Broad Horizons: Full Sail’s Media Design MFA Program Supports Designers Looking to Expand Their Expertise
These days, brands rely on creative content strategies to connect with consumers. To keep up with an ever-changing market, successful designers are widening their scope to encompass all facets of media design – including aspects of print, web, audio, and video.
Full Sail's Media Design MFA program offers working professionals the chance to branch out and push their craft to the next level. The program combines foundations in research and development with practical project application, providing graduates with a comprehensive portfolio they can then present to potential clients.
"We've designed the program in a way that builds skills through the progression of courses," says Program Director Don Larson.
Students begin with basic mastery courses focused on building leadership skills and identifying client needs. From there, they move on to learning about how clients’ brands are developed and communicated to stakeholders and consumers.
Other classes that are unique to Full Sail’s approach are the Effective Copywriting and Design Research courses, which teach students to become better communicators.
"Traditionally, designers do not write copy," says Larson. "But they will spend their professional lives working with copywriters. A well-rounded designer should be able to do more, whether that means writing a design brief, competently reworking copy for layout purposes, or having a working knowledge of the fundamentals of copywriting to better support their team members. Design research informs the process of creating visual communications that effectively communicate brand attributes to consumers."
Halfway through the program, students submit their partially completed portfolios to a faculty committee for review. Based on the feedback they receive, the students can either move forward with a more advanced project or enter a cycle of revision where they refine their previous projects as they continue to develop their technical skills.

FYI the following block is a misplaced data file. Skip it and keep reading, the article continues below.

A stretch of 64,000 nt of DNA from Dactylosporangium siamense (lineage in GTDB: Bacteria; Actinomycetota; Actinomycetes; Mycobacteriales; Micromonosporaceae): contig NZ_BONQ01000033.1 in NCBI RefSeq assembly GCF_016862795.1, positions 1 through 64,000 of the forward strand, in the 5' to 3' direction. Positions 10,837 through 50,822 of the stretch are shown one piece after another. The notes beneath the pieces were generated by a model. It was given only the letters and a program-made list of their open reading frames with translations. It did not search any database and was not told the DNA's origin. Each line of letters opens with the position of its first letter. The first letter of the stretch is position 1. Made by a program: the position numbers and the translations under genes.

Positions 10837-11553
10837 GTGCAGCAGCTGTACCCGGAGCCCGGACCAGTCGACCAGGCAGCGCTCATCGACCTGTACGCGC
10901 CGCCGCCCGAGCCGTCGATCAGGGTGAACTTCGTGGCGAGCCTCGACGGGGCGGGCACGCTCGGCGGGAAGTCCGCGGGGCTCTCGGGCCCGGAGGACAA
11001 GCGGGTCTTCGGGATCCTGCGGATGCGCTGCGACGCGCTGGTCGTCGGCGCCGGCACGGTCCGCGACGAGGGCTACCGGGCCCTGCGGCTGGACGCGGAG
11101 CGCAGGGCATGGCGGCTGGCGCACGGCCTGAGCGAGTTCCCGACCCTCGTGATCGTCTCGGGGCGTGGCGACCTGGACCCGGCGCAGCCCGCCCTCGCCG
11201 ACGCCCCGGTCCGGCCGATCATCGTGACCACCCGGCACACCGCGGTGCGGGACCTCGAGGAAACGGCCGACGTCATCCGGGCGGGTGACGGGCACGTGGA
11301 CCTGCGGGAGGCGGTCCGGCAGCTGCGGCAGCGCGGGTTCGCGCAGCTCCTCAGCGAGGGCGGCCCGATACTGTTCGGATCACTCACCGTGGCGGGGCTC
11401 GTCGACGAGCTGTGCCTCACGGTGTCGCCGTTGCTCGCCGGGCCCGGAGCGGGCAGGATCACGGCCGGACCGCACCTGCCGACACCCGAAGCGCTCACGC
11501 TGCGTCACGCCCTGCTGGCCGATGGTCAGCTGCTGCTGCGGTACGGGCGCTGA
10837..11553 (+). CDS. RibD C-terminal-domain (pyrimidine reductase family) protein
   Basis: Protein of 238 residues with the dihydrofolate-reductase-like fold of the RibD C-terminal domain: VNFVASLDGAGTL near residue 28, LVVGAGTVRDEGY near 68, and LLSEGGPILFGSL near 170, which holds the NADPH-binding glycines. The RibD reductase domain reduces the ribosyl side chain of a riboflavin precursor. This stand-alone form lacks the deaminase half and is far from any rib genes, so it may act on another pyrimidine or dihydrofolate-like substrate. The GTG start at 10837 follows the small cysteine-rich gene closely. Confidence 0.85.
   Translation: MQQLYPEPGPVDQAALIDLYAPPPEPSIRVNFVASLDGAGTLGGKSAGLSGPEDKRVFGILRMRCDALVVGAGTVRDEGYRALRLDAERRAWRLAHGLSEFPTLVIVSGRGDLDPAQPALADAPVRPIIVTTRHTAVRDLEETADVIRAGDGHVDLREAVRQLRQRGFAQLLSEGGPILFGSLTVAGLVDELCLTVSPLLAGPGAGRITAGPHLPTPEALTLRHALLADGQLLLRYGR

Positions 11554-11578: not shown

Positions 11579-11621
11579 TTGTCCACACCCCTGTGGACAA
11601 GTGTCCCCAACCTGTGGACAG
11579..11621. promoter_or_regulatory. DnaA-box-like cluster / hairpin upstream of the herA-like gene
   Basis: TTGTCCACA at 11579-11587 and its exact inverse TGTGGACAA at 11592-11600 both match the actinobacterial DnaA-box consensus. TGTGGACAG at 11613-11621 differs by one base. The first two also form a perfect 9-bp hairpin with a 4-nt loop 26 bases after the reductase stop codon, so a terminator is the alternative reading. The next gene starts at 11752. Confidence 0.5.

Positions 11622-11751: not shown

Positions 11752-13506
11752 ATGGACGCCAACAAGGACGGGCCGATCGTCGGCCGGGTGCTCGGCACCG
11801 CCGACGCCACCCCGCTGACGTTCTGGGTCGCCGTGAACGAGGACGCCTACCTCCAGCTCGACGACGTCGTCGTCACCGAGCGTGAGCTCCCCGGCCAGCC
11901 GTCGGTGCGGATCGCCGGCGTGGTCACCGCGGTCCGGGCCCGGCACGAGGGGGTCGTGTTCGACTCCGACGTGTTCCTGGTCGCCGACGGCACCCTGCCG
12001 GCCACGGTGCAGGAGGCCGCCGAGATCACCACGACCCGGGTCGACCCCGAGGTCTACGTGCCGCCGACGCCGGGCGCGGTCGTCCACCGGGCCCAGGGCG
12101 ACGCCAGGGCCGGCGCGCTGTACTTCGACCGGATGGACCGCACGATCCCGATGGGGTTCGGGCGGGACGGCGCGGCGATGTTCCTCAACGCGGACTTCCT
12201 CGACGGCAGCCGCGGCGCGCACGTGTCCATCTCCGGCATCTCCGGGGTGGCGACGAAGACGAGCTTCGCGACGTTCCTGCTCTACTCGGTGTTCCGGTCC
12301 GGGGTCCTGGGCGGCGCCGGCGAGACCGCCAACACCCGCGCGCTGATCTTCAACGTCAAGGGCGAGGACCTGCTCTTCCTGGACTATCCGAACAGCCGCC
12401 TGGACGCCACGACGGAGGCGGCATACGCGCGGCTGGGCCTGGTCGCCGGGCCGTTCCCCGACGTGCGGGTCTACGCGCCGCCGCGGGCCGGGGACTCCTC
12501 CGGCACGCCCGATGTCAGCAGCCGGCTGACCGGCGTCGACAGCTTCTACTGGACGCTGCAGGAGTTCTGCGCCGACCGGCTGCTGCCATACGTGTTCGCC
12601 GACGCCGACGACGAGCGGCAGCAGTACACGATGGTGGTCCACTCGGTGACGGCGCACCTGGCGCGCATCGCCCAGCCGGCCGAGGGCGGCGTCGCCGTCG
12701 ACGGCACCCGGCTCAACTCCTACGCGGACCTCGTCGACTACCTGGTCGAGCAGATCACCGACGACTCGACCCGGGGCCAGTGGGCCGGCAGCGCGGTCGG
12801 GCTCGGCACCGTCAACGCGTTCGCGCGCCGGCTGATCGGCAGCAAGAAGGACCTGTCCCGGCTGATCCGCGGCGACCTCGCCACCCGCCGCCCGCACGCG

"Most of our students are coming into the program with some design experience," says Larson. "But at varying levels of mastery. The portfolio review allows students with less experience to get up to speed, while challenging the more advanced students to rise to higher levels."
Personalized attention is a hallmark of the program. Smaller class sizes (about 15 people on average) mean more one-on-one time with instructors. And since students are encouraged to develop the knowledge and skills that are most relevant to them as individuals, the options for professional applications are endless – from creating a stellar interview showpiece to building an array of smaller, unique portfolio pieces.
Rounding out the program are courses in multimedia platforms and design effectiveness, where students can explore design concepts for different content mediums and measure performance values for each platform. The program culminates with a thesis presentation.
"The point of the program is to open new doors to designers who want to take their creative work to the next level," says Larson. "The type of people who do well in this program are the ones who want to dig deeper and try something new. We give them the tools, and then we give them the time to hone their skills."
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